“These buildings can be saved!’’ said Hennepin County Commissioner Peter McLaughlin, for whom saving the fort has become a personal cause, and everyone applauded. I applauded too, even though I was there as a reporter. On any other subject I could stay objective. Not on this one.

Living history in a fort 
When you live inside an actual fort, historical reality gets in your blood, and you become, without knowing it, a history buff and a historic preservationist. It happened to everyone in my family, including the adults, and all of our friends. It’s more than nostalgia, and it’s something you don’t outgrow.   
 
My family lived in Fort Snelling for more than a quarter century, part of a strange little VA community known as Tower Town, after the fort’s most significant landmark — the gray stone Round Tower, circa 1820, which stood in what we called The Point, overlooking the valley where the Mississippi and Minnesota Rivers meet.

Today, Minnesotans know The Point as Historic Fort Snelling, the pitch-perfect living-history restoration run by the Minnesota Historical Society. 

The much-larger Upper Post — where we lived — is that mysterious string of abandoned brick buildings that runs along the bluff above the Minnesota River between the Mendota Bridge and the Minneapolis-St. Paul International Airport.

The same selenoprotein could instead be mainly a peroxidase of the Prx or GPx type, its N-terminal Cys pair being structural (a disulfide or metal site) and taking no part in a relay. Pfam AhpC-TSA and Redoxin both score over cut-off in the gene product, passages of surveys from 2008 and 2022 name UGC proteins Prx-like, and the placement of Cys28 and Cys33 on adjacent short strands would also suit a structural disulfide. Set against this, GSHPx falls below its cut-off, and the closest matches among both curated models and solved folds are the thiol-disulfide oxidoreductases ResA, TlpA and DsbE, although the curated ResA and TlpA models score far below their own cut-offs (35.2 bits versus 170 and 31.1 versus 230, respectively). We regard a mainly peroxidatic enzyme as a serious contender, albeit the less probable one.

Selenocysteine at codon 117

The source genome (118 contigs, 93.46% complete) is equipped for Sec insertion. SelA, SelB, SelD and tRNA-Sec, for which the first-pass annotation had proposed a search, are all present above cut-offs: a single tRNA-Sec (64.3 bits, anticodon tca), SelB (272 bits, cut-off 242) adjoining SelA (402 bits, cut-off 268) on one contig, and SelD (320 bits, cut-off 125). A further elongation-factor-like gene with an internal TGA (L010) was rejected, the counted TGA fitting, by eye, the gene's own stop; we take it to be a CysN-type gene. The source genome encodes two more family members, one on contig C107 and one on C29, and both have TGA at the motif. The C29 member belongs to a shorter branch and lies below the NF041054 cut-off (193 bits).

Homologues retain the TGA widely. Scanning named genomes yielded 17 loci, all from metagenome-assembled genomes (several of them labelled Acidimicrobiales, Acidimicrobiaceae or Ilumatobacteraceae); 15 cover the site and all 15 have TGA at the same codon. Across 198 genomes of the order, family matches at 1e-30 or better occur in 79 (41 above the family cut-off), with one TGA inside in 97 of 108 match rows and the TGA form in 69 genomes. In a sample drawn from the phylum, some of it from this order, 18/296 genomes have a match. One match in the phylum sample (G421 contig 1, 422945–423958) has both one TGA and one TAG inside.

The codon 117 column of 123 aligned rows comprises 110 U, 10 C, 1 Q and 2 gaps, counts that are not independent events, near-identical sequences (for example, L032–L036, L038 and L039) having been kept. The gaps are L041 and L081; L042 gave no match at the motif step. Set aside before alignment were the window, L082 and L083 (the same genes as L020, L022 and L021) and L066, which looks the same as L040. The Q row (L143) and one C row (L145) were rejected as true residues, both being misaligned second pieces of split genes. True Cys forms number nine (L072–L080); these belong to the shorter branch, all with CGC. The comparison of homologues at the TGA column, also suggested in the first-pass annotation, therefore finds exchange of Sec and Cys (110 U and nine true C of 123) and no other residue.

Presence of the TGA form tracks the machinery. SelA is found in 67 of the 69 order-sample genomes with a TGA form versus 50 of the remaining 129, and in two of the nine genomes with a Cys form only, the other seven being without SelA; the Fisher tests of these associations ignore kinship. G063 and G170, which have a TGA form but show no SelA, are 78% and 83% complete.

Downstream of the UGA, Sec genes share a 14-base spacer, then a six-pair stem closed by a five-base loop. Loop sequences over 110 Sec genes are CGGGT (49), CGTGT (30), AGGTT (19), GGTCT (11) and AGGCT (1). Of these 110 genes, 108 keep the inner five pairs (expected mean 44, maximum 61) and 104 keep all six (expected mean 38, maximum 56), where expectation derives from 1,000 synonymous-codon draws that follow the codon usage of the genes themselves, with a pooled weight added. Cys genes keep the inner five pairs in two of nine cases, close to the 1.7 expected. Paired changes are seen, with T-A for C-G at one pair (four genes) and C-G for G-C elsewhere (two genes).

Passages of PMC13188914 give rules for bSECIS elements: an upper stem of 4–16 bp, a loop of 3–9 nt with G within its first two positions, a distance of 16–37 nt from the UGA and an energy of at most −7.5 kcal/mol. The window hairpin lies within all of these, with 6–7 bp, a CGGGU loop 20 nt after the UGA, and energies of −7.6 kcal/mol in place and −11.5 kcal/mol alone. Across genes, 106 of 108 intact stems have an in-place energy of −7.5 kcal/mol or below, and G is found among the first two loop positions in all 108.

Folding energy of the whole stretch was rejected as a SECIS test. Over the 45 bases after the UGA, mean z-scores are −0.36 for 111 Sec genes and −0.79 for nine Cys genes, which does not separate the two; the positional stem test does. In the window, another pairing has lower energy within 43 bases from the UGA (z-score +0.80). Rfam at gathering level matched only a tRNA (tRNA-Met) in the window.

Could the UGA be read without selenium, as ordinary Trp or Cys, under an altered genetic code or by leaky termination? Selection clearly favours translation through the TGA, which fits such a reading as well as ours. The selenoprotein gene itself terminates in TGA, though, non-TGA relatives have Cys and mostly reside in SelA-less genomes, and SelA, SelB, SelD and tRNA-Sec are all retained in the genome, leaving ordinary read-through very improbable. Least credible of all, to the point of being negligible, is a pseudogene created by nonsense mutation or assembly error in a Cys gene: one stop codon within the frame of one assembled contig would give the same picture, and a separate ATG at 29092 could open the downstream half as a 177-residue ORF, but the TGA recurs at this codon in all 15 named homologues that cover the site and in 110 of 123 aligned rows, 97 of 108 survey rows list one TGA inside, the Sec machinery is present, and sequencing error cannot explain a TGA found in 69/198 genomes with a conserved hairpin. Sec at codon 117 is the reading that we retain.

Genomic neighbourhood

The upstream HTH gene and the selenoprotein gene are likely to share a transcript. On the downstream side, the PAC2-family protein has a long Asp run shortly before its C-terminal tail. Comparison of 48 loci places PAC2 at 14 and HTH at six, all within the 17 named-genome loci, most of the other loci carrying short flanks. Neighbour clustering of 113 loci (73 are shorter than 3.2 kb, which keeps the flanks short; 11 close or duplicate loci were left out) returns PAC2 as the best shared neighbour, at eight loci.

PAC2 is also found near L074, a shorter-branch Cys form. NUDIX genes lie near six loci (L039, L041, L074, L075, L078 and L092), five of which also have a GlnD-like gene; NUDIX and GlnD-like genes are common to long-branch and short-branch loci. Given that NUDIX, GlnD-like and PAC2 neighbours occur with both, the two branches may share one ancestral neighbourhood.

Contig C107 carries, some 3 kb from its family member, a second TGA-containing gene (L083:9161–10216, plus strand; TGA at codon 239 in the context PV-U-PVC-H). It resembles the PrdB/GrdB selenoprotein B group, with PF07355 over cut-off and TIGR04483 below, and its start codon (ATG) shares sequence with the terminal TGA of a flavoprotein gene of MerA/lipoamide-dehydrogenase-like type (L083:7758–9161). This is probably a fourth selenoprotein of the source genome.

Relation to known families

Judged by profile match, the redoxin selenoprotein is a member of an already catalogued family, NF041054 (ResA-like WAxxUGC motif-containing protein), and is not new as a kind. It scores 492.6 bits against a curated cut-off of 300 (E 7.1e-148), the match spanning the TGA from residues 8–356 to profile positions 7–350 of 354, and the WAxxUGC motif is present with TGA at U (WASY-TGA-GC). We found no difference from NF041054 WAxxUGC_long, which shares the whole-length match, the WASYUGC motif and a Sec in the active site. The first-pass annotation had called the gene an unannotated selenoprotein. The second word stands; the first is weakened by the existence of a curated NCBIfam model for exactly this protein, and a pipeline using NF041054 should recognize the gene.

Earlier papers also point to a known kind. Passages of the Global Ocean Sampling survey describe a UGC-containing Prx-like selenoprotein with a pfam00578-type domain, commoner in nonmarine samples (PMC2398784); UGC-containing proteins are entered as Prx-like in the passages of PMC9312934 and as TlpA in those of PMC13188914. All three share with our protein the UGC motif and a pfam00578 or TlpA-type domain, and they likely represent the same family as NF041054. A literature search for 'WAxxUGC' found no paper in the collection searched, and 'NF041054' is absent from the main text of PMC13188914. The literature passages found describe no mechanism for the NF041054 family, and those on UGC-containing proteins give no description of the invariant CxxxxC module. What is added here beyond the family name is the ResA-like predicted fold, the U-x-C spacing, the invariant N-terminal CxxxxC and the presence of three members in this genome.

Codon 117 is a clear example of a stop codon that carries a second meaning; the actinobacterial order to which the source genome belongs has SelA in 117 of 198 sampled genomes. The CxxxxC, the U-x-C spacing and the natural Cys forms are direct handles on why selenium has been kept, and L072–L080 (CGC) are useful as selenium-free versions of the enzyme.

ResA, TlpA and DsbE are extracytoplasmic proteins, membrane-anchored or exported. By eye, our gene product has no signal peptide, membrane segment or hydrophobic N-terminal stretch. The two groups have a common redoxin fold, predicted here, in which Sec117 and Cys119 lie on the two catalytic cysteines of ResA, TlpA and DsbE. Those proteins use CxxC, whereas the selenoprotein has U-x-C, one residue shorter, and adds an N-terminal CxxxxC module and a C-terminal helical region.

At any given time, only about 500 people lived in the VA’s Tower Town, and about 200 of them were kids. Buffered from the rest of the Twin Cities by the airport, the woods and the rivers, it was a child’s paradise, where we wandered, explored and acted out adventures in a kind of time-warp safety that seems impossible now — and which, of course, we took for granted.   

Life in the fort gave us something else we took for granted: history. It was all around us, all the time. I don’t even remember having to study it in school, though we must have. I think it just came in through our pores.

We lived in historic houses; we looked out our bedroom windows at historic views; we even played in historic places. One kid’s mom had the keys to the Round Tower, and it wasn’t hard to get in.